Pasture and grazing management made simple 5: Keeping track of pasture supply

Keeping track of pasture supply using average pasture cover

The main factors contributing to the variability of pasture supply are weather conditions, the growth stage of the plant (leafy vs reproductive) and sward composition (especially the proportion of legumes). Pasture management aids are therefore required to maintain an inventory of the feed supply and to estimate how this might change over the next month or so. Calculating average pasture cover is probably the simplest technique available to farmers for performing these tasks.

Variability in pasture growth is the most serious challenge in successfully using pastures. Under drylot management the forage for the next weeks or months feeding is visible and both the quantity and the quality of the feed can be measured. It is possible, under these conditions, to keep a uniform supply of high quality forage available to the cows throughout the year. This is not the case under intensive grazing, where the amount and nutritive value of pasture available for grazing changes through the season. Not only is the supply of feed continually changing but next month’s herd requirements are not visible (i.e. it is in the process of growing). Clearly there is more risk with the pasture than the drylot management system.

The main factors contributing to the variability of pasture supply are weather conditions, the growth stage of the plant (leafy vs reproductive) and sward composition (especially the proportion of legumes). Pasture management aids are therefore required to maintain an inventory of the feed supply and to estimate how this might change over the next month or so. Calculating average pasture cover is probably the simplest technique available to farmers for performing these tasks.

The first step in determining average pasture cover is to complete an assessment of pasture mass in each paddock. This should preferably be done once weekly using one of the methods described earlier. The effective grazing area of each paddock should be recorded by excluding areas that cannot be grazed (e.g. woods). The average pasture cover can then be calculated by summing the amount of herbage in each paddock and dividing this value by the effective grazing area, as outlined in Table 3. Average pasture cover represents the amount of pasture growth remaining on the paddocks after animal consumption, removal of herbage for hay or silage, and losses through decay.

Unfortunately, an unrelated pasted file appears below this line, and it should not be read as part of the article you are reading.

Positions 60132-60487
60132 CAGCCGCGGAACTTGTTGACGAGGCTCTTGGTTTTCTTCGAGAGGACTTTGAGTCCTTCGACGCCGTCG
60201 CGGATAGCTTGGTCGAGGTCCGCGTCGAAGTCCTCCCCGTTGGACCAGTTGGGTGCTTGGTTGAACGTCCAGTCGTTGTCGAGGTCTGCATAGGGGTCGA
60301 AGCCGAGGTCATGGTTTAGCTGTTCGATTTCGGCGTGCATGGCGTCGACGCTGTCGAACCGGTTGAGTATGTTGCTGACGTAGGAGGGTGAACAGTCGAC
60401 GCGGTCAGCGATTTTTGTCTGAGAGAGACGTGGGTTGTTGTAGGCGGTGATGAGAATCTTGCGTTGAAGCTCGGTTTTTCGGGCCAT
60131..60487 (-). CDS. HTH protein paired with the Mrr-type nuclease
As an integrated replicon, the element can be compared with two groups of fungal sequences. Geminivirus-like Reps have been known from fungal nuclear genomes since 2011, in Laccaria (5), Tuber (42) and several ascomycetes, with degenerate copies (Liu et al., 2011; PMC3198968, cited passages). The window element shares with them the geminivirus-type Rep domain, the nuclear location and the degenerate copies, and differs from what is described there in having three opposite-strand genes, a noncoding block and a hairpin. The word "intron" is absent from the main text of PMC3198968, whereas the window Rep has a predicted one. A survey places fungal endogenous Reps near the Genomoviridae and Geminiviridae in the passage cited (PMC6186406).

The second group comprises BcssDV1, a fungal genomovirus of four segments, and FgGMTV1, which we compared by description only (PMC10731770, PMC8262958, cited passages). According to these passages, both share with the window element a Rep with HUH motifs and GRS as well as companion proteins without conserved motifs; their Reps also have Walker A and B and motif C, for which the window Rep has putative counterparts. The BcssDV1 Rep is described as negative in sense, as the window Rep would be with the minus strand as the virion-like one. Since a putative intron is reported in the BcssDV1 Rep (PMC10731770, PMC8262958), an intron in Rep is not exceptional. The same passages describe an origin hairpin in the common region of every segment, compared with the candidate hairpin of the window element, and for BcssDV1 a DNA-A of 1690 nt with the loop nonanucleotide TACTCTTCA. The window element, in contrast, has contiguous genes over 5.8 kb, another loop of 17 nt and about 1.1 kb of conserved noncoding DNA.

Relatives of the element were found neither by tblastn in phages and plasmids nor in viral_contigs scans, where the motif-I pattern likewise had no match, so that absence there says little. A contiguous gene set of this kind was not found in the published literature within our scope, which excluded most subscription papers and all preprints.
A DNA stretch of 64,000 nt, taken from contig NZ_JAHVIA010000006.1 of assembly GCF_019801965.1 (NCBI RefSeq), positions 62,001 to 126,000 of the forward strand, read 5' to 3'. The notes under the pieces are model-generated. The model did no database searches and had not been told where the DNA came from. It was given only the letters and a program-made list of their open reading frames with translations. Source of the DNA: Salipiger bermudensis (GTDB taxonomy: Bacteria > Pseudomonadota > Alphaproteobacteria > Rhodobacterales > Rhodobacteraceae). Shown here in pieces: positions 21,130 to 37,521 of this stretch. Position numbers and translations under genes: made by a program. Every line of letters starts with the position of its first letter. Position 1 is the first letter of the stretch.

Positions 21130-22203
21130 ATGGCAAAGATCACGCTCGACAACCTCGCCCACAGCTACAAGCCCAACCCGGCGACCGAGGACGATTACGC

Table 3 Procedure for calculating average herbage cover for a farm with five paddocks and an effective grazing area of 90 acres

  Ares (acres) 
Herbage mass Total herbage
Paddock Total Effective (Ib DM/a) (Ib DM)
1 20 20 2200 44000
2 30 30 3000 90000
3 10 10 1500 15000
4 25 22 2000 44000
5 10 8 2500 20000
  100 90   213000
      Total herbage cover = 2130000/90
        = 2367 Ib DM/a

If the previous pasture assessment 14 days earlier on August 1 had been 2100 lb DM/a the supply of herbage has increased by an average of 267 lb DM/a or 24030 lb DM over the effective grazing area. Another way of expressing this is to say that pasture growth exceeded the amount of pasture eaten by livestock and losses of pasture through decay by 19 lb DM/day (267 lb DMa/14 days).

In addition to showing how the quantity of feed is changing through time, average pasture cover can be used to evaluate the current grazing program against target levels of feed supply at particular times of the year. By feed budgeting (see Article 4) a series of monthly pasture cover targets can be estimated. Actual pasture covers as the season progresses can be compared against the respectively monthly targets and also against the records of previous years. Figure 1 shows an example for a grazing season. This shows that potential shortfalls in feed supply could have been predicted by mid-May, before the dry conditions became serious during June. Although the management options for pastures in a drought may be limited, it is important to know the magnitude of the shortfall to compensate for this. The management response to pasture cover information will depend upon relative feed prices and expected weather conditions. The critical factor is that the farmer who routinely measures pasture cover creates more time to put a corrective grazing (or other) plan in place to minimise feed costs.

Figure 1: Monthly average pasture cover targets and actual levels of pasture cover recorded by pasture assessment during the previous and current year.

Increasing the length of the planning period is one of the most effective management strategies for reducing the risk associated with variable pasture growth rates. In practice, however, many farmers abandon planning when there are high levels of variability because ‘it is impossible to estimate the outcome with any degree of accuracy’. This suggests that planning only works for these farms where there is no or low variability – which is obviously not true! By regularly updating grazing plans with new average pasture cover information obtained each week, or fortnightly, and by continuing to assess the impact that these levels of pasture cover could have in 2-3 months time, you are in a much better position to make ‘good’ pasture management decisions than the neighbour who has no record of the pasture feed supply. We can conclude that the greater risk associated with feed supply under grazing compared to drylot feeding will not be eliminated but it can be managed.

Author

Warren Parker

Warren Parker
8 articles

Chief Executive of Manaaki Whenua/Landcare Research, NZ

Former Chief Operating Officer—Science at AgResearch, NZ

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